Christopher Van Issum

Ipswich Hospital NHS Trust, Ipswich, England, United Kingdom

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Publications (8)13.63 Total impact

  • Christopher van Issum, Delphine S Courvoisier, Paolo Scolozzi
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    ABSTRACT: OBJECTIVE: The aim of this study was to retrospectively evaluate the incidence of posttraumatic orbital emphysema (OE) and to propose a radiologic topographic classification as well as a possible pathophysiologic model. STUDY DESIGN: Orbital fine-cut (1 mm) computerized tomographic scan slices from 137 patients were used to assess the fracture's type, the presence and position of OE, and periorbital tissue herniation. The OE was categorized into the following 5 compartments: subcutaneous periorbital, peribulbar, retrobulbar extra- and intraconal, and pterygopalatine fossa. RESULTS: The incidence of OE was 61%. OE was more frequently associated with isolated medial wall (78%; P < .001) and combined medial wall/orbital floor (82%; P < .01) fractures. Palpable isolated subcutaneous eyelid emphysema was not related to fracture's type (P = .85). CONCLUSIONS: OE suggested medial wall fractures alone or combined with orbital floor fractures. Pathophysiologically, according to the Poiseuille law, the difference in length between the ethmoid and sinusal infundibulii could explain the increased incidence of OE when the medial wall is involved.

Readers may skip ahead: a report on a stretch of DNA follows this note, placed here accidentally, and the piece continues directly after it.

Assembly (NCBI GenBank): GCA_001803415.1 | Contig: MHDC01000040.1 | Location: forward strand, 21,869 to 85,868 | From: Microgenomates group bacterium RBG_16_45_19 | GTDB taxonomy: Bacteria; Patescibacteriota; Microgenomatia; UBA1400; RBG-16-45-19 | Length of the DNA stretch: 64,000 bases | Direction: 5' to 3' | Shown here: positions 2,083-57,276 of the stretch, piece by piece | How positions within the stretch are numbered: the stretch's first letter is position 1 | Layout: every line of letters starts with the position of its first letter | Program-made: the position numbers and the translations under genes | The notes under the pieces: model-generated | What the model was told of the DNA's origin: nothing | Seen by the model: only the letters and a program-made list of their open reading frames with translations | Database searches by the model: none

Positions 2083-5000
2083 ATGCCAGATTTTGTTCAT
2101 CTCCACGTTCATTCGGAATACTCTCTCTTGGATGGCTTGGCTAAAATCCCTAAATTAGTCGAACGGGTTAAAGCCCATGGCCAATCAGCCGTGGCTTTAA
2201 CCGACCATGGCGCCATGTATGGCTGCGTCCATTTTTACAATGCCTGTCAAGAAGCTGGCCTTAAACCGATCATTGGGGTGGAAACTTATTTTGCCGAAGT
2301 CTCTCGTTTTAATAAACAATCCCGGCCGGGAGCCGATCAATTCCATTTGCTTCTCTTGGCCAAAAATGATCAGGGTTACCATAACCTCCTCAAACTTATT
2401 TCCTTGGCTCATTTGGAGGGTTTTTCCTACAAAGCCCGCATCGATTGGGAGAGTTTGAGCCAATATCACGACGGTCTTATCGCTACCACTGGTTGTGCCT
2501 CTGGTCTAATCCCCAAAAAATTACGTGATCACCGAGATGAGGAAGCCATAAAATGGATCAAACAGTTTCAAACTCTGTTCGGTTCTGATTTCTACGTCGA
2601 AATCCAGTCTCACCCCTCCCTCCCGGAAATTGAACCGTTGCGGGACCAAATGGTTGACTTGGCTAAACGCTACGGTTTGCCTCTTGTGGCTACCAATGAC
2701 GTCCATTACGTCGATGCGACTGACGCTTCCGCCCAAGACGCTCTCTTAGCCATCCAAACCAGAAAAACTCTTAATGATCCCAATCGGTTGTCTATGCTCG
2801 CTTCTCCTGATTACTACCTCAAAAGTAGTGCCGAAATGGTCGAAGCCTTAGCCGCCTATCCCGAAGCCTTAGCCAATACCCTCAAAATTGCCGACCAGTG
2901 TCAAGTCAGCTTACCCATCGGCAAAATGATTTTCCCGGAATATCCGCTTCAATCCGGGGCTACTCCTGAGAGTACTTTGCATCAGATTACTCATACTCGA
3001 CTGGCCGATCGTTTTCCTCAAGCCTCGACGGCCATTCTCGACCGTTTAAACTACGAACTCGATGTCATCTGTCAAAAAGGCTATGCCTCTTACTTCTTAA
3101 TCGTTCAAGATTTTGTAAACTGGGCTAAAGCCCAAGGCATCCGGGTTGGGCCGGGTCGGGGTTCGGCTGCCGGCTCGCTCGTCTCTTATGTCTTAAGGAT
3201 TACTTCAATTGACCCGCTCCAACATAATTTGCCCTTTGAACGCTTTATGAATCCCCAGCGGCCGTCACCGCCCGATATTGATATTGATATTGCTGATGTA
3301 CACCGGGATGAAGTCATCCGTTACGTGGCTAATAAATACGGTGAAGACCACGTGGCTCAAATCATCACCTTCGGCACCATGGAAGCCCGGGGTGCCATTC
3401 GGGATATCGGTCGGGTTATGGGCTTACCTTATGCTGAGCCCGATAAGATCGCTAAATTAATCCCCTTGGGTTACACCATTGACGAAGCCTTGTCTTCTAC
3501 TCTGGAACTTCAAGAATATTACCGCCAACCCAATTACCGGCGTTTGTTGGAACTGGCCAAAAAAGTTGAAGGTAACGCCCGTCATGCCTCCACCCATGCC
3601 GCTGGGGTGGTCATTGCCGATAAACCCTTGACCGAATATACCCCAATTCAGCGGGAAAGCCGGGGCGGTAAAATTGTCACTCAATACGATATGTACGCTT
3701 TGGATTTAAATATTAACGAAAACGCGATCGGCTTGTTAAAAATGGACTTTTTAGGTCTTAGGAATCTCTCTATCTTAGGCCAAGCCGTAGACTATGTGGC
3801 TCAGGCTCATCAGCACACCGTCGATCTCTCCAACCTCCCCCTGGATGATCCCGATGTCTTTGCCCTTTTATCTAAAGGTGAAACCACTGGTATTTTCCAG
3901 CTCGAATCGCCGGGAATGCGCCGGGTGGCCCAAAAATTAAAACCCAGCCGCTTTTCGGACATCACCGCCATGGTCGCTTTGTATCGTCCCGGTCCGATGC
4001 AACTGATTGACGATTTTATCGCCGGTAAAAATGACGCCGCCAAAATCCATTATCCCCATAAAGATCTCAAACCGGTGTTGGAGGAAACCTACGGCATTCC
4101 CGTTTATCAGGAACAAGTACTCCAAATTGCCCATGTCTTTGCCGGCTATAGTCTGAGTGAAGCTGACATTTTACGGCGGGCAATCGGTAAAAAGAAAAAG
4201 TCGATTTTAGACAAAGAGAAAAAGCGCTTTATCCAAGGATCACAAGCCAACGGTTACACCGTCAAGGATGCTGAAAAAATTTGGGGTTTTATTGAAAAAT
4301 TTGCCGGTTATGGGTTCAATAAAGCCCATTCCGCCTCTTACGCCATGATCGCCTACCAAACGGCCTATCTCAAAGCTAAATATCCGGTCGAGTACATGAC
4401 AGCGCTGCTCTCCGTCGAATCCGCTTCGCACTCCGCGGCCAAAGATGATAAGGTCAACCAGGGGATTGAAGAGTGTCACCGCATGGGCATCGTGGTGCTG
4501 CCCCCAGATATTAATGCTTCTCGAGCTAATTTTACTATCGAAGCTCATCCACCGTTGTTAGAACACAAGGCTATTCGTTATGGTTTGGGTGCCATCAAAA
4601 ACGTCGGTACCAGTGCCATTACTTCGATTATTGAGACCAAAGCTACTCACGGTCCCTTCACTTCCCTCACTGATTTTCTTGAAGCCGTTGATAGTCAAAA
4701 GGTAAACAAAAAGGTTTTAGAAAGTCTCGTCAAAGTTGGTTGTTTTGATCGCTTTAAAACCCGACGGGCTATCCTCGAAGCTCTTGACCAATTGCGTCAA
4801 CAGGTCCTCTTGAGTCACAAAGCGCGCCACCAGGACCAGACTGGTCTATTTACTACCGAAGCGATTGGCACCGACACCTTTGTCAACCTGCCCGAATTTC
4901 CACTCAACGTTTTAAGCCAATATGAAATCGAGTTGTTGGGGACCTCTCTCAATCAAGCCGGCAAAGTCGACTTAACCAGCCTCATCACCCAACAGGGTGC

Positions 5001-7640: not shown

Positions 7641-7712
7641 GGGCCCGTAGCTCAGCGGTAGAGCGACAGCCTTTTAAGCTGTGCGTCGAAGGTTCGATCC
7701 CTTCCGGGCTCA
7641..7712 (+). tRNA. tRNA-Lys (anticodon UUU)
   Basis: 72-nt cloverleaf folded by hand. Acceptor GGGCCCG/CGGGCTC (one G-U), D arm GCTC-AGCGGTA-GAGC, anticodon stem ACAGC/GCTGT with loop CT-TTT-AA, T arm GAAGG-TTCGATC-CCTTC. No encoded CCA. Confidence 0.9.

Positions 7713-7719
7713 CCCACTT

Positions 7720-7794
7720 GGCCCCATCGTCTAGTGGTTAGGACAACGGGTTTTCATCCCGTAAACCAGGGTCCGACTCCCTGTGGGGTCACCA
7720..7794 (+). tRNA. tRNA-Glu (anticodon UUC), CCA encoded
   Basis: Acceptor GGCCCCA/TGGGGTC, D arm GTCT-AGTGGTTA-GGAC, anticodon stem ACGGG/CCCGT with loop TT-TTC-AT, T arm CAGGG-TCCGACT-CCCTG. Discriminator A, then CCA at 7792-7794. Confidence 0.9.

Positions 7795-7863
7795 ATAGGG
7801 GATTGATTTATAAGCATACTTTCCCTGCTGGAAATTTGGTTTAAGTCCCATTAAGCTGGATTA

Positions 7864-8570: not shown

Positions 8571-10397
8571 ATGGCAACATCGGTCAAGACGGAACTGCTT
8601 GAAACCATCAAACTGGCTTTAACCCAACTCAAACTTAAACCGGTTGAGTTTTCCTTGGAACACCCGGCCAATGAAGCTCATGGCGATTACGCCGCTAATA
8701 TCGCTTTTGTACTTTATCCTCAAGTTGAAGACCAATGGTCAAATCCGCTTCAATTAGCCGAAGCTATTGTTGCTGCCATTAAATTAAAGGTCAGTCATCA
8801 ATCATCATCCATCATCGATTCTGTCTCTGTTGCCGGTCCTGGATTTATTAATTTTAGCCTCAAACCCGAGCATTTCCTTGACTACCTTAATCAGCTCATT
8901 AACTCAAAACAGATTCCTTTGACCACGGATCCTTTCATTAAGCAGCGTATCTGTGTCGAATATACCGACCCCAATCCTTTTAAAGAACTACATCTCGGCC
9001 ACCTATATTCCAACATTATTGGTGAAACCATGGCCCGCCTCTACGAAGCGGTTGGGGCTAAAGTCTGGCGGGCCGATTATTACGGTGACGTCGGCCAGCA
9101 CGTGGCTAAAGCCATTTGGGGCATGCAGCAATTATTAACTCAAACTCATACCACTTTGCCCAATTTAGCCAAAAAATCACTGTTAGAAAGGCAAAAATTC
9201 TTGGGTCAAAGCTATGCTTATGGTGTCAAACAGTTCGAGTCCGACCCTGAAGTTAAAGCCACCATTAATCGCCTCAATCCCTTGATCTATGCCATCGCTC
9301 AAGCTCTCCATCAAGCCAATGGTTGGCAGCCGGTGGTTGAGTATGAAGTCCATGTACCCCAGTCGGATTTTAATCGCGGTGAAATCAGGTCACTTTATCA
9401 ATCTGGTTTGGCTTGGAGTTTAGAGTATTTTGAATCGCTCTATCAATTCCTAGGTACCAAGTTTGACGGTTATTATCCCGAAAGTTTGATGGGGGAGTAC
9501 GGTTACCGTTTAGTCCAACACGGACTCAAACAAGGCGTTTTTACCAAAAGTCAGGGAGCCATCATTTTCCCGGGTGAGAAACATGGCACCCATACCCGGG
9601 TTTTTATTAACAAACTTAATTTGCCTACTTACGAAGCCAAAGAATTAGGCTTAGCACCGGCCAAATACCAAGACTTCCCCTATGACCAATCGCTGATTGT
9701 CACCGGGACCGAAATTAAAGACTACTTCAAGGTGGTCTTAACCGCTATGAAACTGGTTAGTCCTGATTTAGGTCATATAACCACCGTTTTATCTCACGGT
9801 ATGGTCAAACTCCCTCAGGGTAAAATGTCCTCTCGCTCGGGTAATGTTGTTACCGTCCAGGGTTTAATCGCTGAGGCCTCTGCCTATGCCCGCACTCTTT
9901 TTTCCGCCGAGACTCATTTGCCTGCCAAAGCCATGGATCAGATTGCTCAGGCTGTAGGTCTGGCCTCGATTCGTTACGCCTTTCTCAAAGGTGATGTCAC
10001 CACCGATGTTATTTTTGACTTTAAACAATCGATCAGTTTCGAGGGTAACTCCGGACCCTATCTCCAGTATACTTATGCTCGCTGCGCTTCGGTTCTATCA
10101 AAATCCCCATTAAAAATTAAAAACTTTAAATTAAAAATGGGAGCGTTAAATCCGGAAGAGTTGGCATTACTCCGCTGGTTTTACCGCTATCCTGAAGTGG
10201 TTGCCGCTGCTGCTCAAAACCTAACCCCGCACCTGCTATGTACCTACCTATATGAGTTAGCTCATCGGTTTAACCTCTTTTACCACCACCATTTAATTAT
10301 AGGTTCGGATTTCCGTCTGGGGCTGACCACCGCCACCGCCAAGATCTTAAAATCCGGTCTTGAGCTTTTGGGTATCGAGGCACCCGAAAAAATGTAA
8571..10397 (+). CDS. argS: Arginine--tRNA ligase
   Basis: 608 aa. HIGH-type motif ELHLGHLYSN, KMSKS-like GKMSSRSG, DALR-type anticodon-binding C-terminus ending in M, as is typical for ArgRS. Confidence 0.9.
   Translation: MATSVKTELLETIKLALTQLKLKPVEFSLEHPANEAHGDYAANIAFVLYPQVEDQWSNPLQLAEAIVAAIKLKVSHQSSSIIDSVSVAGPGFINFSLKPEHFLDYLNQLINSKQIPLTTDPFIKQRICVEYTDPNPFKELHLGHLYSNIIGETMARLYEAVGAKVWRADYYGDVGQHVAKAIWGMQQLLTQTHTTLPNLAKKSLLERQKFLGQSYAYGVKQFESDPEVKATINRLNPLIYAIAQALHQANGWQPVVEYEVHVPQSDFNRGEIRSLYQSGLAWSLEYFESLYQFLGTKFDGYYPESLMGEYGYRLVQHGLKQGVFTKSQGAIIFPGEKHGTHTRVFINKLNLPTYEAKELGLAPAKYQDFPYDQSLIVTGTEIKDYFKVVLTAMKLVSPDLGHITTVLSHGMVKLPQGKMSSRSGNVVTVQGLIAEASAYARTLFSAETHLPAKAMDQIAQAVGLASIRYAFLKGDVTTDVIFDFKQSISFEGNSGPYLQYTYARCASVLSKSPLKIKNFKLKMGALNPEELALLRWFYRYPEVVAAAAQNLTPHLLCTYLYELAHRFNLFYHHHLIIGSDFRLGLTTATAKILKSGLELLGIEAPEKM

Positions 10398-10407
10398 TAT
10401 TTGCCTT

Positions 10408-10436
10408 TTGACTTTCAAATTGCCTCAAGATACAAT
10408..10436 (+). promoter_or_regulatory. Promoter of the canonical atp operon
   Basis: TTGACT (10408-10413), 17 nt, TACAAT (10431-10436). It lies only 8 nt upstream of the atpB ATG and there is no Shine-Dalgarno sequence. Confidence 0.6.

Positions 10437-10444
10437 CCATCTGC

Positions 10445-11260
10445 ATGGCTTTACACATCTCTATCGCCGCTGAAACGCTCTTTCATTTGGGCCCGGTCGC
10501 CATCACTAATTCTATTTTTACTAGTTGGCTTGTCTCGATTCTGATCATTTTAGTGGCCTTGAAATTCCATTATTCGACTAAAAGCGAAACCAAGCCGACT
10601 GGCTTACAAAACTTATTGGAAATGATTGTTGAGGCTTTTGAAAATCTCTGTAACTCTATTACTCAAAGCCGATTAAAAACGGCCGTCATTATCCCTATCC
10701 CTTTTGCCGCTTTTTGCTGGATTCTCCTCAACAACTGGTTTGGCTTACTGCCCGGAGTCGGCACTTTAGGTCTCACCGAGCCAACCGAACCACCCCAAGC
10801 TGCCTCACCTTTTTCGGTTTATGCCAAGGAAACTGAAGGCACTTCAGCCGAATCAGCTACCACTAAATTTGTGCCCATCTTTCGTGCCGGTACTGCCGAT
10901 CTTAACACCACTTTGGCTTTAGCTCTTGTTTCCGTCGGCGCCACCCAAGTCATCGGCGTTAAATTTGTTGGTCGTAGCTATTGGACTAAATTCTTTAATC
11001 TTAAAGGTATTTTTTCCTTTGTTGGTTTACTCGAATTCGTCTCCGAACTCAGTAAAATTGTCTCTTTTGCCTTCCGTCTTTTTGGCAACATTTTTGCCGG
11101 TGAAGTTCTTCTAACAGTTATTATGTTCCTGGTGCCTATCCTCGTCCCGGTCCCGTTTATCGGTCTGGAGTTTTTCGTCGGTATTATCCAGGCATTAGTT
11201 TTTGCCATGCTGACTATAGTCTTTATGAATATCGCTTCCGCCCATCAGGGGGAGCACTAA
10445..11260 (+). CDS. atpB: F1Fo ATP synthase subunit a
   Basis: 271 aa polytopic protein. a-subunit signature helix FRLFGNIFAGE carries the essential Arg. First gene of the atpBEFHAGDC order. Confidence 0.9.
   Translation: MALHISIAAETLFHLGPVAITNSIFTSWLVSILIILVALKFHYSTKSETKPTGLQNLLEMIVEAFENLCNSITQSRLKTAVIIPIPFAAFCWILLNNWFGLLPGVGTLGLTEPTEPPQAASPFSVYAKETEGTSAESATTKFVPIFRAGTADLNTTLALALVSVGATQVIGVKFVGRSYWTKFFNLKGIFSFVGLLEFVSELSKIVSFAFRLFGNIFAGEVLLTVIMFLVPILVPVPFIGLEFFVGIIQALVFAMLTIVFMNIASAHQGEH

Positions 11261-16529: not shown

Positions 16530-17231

01/2013; 115(6). DOI:10.1016/j.oooo.2012.10.021
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    ABSTRACT: To describe and evaluate the reliability and the accuracy of a specific computed tomography-based assessment in predicting treatment decisions for pure orbital floor blowout fractures (BOFs). In this retrospective cohort study, the charts of all patients presenting with isolated BOFs from January 2009 through April 2011 at the University Hospital of Geneva were reviewed. The systematic computed tomographic assessment included the following 3 parameters: 1) ratio of the fractured orbital floor; 2) maximal height of periorbital tissue herniation, and 3) a 4-grade muscular subscore describing the position of the inferior rectus muscle relative to the level of the orbital floor. The parameters' predictive value regarding the treatment decision (conservative vs surgical) was assessed by logistic regression and relative operating characteristic curves. Forty-eight patients (24 male) were included. The patients' mean age was 49.5 years. The ratio of the fractured orbital floor, the maximal height of periorbital tissue herniation, and the muscular subscore were significant predictors in univariate analysis (P = .02, P = .006, P = .001, respectively), whereas, in a multivariate analysis, only muscular subscore remained a significant predictor (P = .003) and reached a similar predictive ability as the 3 parameters together. The present study showed that the severity of inferior rectus muscle displacement is the most important independent predictive radiologic factor in the treatment decision-making process for pure BOFs. This systematic computed tomographic assessment is a valuable tool for a better understanding of BOF management overall. Further studies are needed to establish its clinical relevance.